National Army Museum, Waiouru, New Zealand : Military History & Army War Museum

John Denvir – Soldier, POW, Partisan Leader

John Denvir – Soldier, POW, Partisan Leader

by Adam Moriarty, Assistant Curator Heraldry

John had been married for under 6 years to his wife Edna when he departed for Egypt with the 1st Echelon 20 Battalion in January 1940. Then a store man in Christchurch neither he nor his wife yet knew the brave, freedom-fighter he would become in the course of just 5 years.

John’s story is one full of charm and charcter which we will always remember through his distinct medal group which forms part of a special display in the museum’s new Medal Repository. John Denvir seemed to impress whomever he encountered. He quickly made his way through various ranks for his distinguished actions and natural leadership qualities.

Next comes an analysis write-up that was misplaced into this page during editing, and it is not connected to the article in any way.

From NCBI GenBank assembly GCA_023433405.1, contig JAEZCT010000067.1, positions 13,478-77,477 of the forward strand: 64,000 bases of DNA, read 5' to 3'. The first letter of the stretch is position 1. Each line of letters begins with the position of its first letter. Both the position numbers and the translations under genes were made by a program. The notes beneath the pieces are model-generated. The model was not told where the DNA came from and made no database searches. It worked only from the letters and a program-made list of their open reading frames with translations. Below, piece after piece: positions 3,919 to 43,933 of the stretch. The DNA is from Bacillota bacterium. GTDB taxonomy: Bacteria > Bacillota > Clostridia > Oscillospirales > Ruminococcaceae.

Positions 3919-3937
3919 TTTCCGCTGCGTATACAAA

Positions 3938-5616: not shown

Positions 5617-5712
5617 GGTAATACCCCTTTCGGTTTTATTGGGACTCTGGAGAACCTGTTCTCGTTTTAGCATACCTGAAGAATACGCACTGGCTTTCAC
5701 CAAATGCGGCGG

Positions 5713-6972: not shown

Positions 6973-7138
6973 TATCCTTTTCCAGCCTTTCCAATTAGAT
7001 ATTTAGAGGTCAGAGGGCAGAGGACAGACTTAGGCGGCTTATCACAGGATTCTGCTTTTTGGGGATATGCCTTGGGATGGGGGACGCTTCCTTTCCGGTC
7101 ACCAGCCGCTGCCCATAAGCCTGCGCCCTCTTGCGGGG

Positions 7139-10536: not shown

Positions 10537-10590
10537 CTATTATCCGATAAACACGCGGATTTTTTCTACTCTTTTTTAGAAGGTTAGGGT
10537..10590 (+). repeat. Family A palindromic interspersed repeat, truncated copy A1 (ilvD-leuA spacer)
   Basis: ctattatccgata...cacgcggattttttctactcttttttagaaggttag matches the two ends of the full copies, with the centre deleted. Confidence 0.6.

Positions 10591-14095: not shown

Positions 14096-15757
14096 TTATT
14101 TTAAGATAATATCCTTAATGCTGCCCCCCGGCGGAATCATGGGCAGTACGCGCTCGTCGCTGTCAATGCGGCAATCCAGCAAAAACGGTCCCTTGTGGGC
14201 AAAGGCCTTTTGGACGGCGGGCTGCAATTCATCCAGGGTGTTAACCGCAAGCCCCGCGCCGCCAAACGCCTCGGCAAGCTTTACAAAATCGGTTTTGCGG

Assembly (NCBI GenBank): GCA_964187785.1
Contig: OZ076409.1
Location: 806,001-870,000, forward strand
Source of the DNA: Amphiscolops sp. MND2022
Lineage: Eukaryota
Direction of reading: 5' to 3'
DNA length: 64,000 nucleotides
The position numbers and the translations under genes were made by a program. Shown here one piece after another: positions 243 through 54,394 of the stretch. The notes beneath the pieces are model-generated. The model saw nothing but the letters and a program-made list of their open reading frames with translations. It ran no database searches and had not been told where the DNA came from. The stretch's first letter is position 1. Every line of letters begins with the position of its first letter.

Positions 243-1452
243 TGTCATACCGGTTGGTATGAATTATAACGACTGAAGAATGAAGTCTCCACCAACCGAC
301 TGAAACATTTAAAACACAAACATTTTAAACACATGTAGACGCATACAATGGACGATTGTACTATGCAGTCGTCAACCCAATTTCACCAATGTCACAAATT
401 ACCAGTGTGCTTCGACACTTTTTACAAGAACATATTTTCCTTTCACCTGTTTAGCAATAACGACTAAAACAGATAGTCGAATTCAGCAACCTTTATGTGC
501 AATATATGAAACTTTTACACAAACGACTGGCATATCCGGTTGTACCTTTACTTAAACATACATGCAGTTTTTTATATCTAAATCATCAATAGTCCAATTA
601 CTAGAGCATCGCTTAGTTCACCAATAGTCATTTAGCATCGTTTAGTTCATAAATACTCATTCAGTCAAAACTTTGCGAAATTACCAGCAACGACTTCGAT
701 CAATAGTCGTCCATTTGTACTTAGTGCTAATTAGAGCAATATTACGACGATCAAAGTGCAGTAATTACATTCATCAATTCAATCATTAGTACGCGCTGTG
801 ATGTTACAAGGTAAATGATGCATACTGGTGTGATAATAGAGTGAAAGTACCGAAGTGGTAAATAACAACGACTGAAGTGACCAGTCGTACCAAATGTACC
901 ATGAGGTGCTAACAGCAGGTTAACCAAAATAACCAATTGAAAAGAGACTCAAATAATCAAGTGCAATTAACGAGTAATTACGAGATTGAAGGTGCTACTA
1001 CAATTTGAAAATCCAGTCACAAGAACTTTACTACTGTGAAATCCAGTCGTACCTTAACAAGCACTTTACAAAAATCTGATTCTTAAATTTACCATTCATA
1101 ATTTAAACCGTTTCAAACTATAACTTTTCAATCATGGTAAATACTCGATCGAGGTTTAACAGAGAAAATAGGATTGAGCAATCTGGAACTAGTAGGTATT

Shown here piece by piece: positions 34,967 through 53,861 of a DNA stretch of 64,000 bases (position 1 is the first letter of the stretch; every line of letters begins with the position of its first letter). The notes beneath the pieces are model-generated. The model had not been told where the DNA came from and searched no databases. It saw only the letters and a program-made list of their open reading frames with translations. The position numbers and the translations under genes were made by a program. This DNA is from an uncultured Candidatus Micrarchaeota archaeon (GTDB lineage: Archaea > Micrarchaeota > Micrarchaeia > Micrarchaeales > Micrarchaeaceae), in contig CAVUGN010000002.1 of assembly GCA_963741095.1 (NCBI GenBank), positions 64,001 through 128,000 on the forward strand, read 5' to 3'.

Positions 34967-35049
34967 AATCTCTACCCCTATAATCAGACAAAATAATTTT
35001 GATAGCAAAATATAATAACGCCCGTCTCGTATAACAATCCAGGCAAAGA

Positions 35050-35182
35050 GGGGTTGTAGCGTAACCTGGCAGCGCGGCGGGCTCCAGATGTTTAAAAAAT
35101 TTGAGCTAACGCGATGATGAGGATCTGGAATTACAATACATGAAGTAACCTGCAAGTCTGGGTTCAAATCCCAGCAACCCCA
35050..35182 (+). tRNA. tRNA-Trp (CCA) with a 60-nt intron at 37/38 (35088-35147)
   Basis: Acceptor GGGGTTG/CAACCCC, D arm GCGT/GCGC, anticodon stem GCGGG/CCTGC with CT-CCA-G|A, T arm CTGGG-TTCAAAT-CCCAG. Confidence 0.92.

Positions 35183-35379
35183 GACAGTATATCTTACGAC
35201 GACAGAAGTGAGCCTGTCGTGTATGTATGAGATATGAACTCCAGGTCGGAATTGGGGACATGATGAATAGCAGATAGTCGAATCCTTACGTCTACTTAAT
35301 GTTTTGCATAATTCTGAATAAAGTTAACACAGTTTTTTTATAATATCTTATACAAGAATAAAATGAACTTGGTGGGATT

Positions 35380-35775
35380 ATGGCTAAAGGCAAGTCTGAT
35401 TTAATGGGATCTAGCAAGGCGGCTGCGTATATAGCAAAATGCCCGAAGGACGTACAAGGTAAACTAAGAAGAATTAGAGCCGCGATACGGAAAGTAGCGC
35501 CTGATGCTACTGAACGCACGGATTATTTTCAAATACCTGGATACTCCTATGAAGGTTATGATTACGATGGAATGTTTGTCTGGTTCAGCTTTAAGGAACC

Already promoted to Corporal, Denvir was captured by the Germans in April 1942. He spent 9 months in a POW camp in Yugoslavia and 3 weeks in solitary confinement after his first escape attempt. Although initially thought to have been the means of his demise by the War Office, his second escape was actually successful. In January 1942, he joined a Yugoslavian Partisan band and fought amongst the Slavs for freedom. Soon he headed a 60 strong mounted infantry unit which roamed vast territory.

Wounded four times and a fearless ‘war fighter’, he became affectionately known amongst the Partisans as ‘Corporal Frank’ and found professional recognition amongst the 1st Battalion, Krimski Odred and later the 2nd Battalion of the 4th Slovenian National Freedom Shock where he earned the ranks of Battalion Commander and Lieutenant. Denvir even worked with Force 133 which was a covert organisation arranging British help to the Partisan Forces of Yugoslavia. On returning to the New Zealand Forces he was promoted to the rank of Sergeant and later 2nd Lieutenant. He was awarded the DCM and the Soviet Medal for Valour. This award was unique amongst the New Zealanders of 2NZEF.